> >> this heat sink and shroud on a replacement processor and maintain the same
> >> level of cooling and noise or you can remove the shroud and heatsink and
> >> install your own combination heatsink with integrated fan (but this will
> >> likely add noise to the system).
> >
> >> > Can I use a generic CPU fan to replace in a Dell Optilex GX260 computer?
> >> > Thank you in advance. :) 
--
"Have I told you how much I like ants, huh? Especially fried in a
subtle blend of mech fluid and grated gears?" --Rampage to Inferno,
"Transmutate" in Transformers (Beast Wars)
/\___/\
/ /\ /\ \ Phillip (Ant) @ http://antfarm.ma.cx & http://aqfl.net
| |o o| | E-mail: philpi@earthlink.netANT or ANTant@zimage.com
\ _ / Nuke ANT from e-mail address if your e-mail was returned.
( )
April 10, 2010 5:13:47 PM

I’ve just replaced the stock green funnel CPU fan setup on my OptiPlex GX260 (small mini-tower) with an aftermarket one and here are a few notes.

It’s a tale similar to Goldilocks and the Three Bears: finding the fan that’s just right.

First off, finding a fan for a 478 socket is getting harder to find these days, but they’re still available.

Secondly, Dell uses a proprietary cpu retention system: you’ll have to replace it with a “standard” socket 478 mount. Just ask your local “buy-sell-trade” computer shop and they’ll have them for pocket change.

Getting the “standard socket 478” retainer on the motherboard involves:
1. Removing the motherboard assembly from the pc,
2. Removing the motherboard from its metal backing plate.
3. Removing the retainer plastic pins.
4. And then removing the metal backing plate for the cpu mount.

Now you have to find a fan that’ll fit in your case.

The first fan I tried was the Scythe SAMURAI-ZZ (SCSMZ-2000). It’s a horizontal mount fan that sits on top of the CPU.
But alas, the cooling fins would not clear the RAM, nor an aluminum heatsink on the other side when I reoriented the fan.

Bummer.

So I brought the whole kit ‘n kaboodle to my local shop and explained my dilemma and they were only too happy of allowing me to “test fit” several fans until I found the one that would jiggle my Jello.

Now don’t get me wrong here: I don’t want to sound like I’m promoting Scythe fans, but they were the only ones in stock with a socket 478 retainer. Every other fan didn’t have that “legacy compatibility” option.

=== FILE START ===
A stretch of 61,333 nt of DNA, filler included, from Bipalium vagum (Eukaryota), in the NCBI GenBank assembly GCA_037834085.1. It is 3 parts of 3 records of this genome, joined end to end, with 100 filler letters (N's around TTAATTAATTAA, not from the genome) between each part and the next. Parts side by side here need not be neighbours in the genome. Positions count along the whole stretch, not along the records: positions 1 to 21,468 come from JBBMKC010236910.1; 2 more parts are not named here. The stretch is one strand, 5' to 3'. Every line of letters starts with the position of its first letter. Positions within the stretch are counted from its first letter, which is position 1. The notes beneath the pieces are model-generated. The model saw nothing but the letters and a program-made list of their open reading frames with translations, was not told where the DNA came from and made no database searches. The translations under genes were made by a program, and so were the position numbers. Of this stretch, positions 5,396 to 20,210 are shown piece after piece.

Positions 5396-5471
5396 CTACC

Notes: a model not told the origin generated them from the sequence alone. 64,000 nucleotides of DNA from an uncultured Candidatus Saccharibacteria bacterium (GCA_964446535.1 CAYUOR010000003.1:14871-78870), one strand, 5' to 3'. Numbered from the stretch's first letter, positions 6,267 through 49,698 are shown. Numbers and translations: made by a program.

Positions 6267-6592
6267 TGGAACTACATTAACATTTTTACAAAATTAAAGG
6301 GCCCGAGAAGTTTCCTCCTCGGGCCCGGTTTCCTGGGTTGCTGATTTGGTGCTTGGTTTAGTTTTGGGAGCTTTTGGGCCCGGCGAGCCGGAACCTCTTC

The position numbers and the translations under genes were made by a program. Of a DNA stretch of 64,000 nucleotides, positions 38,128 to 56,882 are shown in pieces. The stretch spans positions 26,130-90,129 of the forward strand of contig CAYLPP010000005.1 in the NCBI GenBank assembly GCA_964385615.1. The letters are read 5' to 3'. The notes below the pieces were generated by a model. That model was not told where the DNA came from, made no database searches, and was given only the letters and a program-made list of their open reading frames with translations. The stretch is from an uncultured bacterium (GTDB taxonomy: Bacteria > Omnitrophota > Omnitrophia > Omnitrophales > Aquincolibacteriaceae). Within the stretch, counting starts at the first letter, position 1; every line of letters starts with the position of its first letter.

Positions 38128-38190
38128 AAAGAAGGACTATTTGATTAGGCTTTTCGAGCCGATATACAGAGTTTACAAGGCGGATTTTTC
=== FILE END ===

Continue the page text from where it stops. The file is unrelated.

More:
Ouh... ouh... then I tried fitting the gi-normus Scythe Mugen 2 (SCMG-2000) but it definitely was too tall. My over-clocking dreams were shattered.

My third and final fan was the Scythe KATANA 3 (SCKTN-3000) and that’s the one that fit just right. It’s mounted so that it draws fresh air in a straight shot from the front of the case where I removed the empty 3.5 inch drive slot front bezel plate.

I mounted the old cpu fan (NMB Thermally Controled Sensor Fan 3612KL-04W-B66) just to the right of it’s previous location and orientated it so that it blows out. I had to drill two holes in the metal case.

Now for the wiring of the fans, and here’s where it gets tricky because there’s lots of conflicting information out there.

Dell uses a proprietary 3-pin plug on the mobo to supply voltage, ground, and RPM sense.
And some say the pin outs are reversed from the industry standard, blah blah blah.
The plug is actually a Molex 50-57-9403 connector.
The NMB fan color coded wires indicate red (+ ‘ve) and black for (- ‘ve).
I confirmed that with a 12 volt power supply, so at least that much is “standard”.

However, the Samurai fan comes with a 4-pin plug: 12V, GND, RPM, and Fan Control, and is a different size that won’t fit in your Dell mobo 3-pin connector.

So I just cut off a 3” length (including the connector) from the NMB fan, and spliced the wires onto the three corresponding Samurai wires. Now you won’t get a funny message on boot-up saying no fan detected.

And the NMB fan wires I crimped onto a “standard” Molex 4-pin computer power plug and everything is just right and it’s not any louder than before.

My case temperatures have dropped significantly, and gaming doesn’t stutter or freeze anymore with my Sapphire HD3850.

So get your soldering iron and drill out and start giving that gran-pappy computer of yours a new lease on life.
April 15, 2010 4:48:39 PM

I've twistied more than 1 non-stock fan into place, and a few more "profesional" cobbles. just slap a standard case fan on the heatsink, or in place of the original dell one.
!